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Human nose able to sniff it out

A study of college students finds that buried in each person's olfactory lobe lurks the ability to track.

December 18, 2006|Jeremy Manier | Chicago Tribune

CHICAGO — Since the most ancient humans lifted their noses from the ground and stood upright, humanity's sense of smell has dwindled to second-class status, a talent we gladly leave to drug-sniffing dogs.

But a study suggests that buried in each person's olfactory lobe lurks enough tracking skill to make a bloodhound bay with resentment.

If the results are surprising, that may be because no one ever tried putting a bunch of college undergraduates in a field wearing blindfolds and sound-muffling headphones, then had them crawl in the grass after a scent like pigs hunting for truffles.

When researchers at UC Berkeley did try that, they found that most of the students could follow a 30-foot trail of chocolate perfume and even changed direction precisely where the invisible path took a turn. What's more, the subjects were able to smell in stereo; when researchers blocked their ability to smell independently with each nostril, the students' scent-tracking accuracy dropped off dramatically.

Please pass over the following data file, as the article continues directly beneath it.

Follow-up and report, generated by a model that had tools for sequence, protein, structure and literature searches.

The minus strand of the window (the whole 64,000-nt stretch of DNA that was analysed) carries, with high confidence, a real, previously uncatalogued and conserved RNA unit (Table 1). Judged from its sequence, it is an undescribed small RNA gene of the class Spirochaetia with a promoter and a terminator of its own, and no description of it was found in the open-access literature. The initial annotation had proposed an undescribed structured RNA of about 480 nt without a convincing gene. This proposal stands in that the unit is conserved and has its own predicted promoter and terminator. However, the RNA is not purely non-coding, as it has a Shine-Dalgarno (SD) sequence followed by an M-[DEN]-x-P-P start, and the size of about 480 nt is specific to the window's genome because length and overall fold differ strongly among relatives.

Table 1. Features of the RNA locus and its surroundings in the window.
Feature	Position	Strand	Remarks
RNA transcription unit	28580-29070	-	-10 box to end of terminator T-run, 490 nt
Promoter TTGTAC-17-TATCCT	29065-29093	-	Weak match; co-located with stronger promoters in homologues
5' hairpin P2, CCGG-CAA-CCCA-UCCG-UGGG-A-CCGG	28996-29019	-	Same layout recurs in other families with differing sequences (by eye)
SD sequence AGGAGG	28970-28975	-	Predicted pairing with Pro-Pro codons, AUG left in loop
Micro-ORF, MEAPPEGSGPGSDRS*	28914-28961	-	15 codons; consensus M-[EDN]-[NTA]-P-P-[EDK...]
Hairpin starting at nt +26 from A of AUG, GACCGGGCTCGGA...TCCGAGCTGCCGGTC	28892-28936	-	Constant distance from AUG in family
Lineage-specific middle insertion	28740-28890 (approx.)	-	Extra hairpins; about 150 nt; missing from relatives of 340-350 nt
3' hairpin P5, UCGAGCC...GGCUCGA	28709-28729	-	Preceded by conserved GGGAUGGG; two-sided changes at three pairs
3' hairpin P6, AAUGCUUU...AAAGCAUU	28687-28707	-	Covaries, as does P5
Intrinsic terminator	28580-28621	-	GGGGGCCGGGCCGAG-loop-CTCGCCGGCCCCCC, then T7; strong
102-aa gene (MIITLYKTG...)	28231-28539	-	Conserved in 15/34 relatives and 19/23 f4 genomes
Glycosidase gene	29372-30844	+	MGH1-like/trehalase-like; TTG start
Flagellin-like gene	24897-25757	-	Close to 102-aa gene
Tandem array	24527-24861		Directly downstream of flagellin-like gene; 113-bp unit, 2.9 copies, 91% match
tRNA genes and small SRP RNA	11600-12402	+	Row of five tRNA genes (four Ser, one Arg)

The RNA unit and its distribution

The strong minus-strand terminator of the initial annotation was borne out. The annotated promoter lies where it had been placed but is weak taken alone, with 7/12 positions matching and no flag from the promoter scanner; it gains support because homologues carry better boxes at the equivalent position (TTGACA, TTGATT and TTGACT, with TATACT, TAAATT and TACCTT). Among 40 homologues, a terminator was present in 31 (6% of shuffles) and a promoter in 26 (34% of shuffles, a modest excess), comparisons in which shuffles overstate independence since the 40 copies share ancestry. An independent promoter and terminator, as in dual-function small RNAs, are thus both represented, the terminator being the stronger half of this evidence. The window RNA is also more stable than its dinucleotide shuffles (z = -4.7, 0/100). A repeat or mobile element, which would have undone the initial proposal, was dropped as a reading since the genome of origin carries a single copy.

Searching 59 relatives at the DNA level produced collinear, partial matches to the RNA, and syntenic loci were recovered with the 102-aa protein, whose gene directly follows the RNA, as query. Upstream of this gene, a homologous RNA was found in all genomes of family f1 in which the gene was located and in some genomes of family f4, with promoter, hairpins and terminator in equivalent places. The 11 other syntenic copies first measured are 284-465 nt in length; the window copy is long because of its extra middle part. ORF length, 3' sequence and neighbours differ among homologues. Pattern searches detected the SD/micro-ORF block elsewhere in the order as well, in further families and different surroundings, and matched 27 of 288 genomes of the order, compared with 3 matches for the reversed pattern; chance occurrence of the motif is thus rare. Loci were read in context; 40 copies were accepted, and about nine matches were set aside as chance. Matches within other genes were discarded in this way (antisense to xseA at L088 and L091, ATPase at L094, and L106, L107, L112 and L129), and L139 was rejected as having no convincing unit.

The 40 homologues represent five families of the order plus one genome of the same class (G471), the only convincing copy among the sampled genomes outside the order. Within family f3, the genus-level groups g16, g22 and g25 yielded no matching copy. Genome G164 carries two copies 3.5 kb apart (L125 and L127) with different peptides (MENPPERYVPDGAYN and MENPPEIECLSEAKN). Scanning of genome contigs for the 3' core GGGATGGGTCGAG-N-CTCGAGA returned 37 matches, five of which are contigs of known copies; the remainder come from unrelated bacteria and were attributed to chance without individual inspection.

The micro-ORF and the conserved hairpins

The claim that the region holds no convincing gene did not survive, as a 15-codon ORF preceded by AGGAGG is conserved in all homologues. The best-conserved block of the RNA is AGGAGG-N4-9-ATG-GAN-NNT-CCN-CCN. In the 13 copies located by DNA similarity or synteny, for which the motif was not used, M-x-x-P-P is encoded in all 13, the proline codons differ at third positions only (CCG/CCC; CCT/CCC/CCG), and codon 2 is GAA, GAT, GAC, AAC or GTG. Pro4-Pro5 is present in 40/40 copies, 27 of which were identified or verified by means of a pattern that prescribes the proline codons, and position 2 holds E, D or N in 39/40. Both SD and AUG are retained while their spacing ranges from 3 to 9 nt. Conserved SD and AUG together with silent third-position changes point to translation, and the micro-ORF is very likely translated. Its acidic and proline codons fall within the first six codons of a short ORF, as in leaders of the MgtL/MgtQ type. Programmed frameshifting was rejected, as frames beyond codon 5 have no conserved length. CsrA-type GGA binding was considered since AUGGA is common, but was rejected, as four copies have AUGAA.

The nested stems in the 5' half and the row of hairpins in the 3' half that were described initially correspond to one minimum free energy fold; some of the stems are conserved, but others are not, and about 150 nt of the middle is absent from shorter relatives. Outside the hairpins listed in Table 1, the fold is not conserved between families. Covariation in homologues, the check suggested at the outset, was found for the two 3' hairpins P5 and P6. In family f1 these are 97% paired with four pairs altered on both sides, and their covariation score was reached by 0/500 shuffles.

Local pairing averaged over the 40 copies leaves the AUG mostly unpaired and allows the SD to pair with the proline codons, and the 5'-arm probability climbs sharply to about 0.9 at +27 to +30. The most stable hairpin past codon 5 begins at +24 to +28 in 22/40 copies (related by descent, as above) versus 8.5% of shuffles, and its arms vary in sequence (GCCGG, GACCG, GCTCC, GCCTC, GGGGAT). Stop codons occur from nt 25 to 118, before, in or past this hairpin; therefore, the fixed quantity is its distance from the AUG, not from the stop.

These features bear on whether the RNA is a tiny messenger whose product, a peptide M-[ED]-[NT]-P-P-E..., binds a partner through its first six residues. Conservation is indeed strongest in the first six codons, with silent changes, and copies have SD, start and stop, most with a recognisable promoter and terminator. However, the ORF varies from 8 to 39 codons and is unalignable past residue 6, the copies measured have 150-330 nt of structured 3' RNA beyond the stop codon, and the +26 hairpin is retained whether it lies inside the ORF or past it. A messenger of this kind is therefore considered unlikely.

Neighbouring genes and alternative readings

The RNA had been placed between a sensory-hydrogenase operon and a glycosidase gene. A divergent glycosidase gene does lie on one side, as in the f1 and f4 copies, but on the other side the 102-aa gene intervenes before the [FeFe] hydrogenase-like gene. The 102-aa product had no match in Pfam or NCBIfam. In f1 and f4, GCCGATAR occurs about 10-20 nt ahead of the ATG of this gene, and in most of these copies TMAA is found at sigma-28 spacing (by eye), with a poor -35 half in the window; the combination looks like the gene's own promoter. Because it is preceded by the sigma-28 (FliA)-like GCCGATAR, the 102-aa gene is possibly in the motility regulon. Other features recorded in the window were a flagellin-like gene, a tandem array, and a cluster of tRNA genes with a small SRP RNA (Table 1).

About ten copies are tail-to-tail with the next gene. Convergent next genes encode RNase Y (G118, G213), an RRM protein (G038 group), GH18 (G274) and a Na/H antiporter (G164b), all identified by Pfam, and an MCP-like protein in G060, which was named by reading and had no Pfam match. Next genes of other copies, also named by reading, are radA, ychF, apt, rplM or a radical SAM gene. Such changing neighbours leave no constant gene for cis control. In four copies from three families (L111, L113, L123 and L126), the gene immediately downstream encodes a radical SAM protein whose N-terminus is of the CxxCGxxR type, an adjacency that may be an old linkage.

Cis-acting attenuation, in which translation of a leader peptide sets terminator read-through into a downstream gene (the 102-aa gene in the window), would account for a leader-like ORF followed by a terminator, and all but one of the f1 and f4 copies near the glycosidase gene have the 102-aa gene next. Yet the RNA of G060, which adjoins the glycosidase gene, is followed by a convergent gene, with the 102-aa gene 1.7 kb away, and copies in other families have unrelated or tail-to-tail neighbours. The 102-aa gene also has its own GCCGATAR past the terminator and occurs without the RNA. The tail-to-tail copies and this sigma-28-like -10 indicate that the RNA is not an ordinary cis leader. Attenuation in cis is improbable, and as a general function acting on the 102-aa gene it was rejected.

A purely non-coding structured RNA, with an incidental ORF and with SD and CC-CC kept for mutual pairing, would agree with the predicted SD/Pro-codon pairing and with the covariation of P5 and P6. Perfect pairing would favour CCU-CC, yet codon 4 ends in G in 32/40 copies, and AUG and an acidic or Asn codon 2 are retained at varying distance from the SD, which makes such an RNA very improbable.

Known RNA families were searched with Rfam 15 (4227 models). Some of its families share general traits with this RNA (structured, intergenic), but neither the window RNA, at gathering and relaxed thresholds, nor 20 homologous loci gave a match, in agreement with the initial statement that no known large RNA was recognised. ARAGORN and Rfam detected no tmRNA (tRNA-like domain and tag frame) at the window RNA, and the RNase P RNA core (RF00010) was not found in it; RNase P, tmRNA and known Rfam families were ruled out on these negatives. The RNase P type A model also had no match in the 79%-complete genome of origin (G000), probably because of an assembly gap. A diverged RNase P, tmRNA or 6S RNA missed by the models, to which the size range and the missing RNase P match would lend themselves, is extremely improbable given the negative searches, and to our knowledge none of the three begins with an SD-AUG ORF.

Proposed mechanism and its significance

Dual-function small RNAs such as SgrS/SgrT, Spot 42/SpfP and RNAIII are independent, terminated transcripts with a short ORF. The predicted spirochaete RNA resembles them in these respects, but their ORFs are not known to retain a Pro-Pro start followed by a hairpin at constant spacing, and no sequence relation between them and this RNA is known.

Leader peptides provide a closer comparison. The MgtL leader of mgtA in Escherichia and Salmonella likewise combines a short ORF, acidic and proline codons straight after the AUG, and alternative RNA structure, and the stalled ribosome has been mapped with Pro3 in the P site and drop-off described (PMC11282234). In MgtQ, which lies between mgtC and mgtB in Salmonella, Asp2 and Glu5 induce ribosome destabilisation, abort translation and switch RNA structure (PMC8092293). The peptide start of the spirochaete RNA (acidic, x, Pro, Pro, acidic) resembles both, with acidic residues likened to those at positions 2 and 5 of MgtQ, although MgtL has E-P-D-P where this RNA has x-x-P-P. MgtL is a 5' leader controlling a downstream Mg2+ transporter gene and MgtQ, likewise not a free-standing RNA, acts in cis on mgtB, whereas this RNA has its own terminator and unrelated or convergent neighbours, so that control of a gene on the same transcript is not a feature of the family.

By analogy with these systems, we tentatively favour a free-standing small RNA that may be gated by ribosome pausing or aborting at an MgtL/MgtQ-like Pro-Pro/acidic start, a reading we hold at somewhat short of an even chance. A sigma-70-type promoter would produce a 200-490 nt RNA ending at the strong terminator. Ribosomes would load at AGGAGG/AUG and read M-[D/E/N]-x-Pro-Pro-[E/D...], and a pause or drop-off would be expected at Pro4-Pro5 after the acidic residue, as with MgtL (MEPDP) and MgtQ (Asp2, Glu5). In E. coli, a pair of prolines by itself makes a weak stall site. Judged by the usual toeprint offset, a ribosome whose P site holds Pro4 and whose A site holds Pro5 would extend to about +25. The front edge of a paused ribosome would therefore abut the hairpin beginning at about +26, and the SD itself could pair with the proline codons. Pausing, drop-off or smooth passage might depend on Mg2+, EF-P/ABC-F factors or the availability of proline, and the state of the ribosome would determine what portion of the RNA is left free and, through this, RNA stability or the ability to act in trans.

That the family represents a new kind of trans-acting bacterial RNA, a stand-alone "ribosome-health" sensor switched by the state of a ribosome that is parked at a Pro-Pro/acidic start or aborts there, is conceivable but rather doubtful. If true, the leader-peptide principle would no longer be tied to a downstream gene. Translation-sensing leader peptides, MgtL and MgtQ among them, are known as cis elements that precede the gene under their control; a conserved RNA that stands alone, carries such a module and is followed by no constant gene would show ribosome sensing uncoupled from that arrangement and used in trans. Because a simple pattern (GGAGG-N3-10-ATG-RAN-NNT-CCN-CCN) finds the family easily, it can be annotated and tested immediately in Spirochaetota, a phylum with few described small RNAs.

By revealing how noses locate smells, the scientists hope to lay the groundwork for electronic noses that could detect hazards like land mines. Their work, published online Sunday in the journal Nature Neuroscience, was funded in part by the U.S. Army Research Office.

Other experts say the findings will help rebut the misconception that people stink at following scents.

"What this study highlights most for me is that the human sense of smell is a lot better than many people think it is," said Dr. Jay A. Gottfried, a professor of neurology at Northwestern University.

"If you paid more attention to smell, it would become a more prominent aspect of your life."

Our dormant flair for smell comes as no surprise to many researchers who study perception. Humans need a good sense of smell to distinguish flavors, which arise only partly from the taste buds on the tongue. Without smell, people would have little ability to distinguish between different fruits or types of meat.

The students adopted a technique dogs use -- zigzagging as they tracked the smell.

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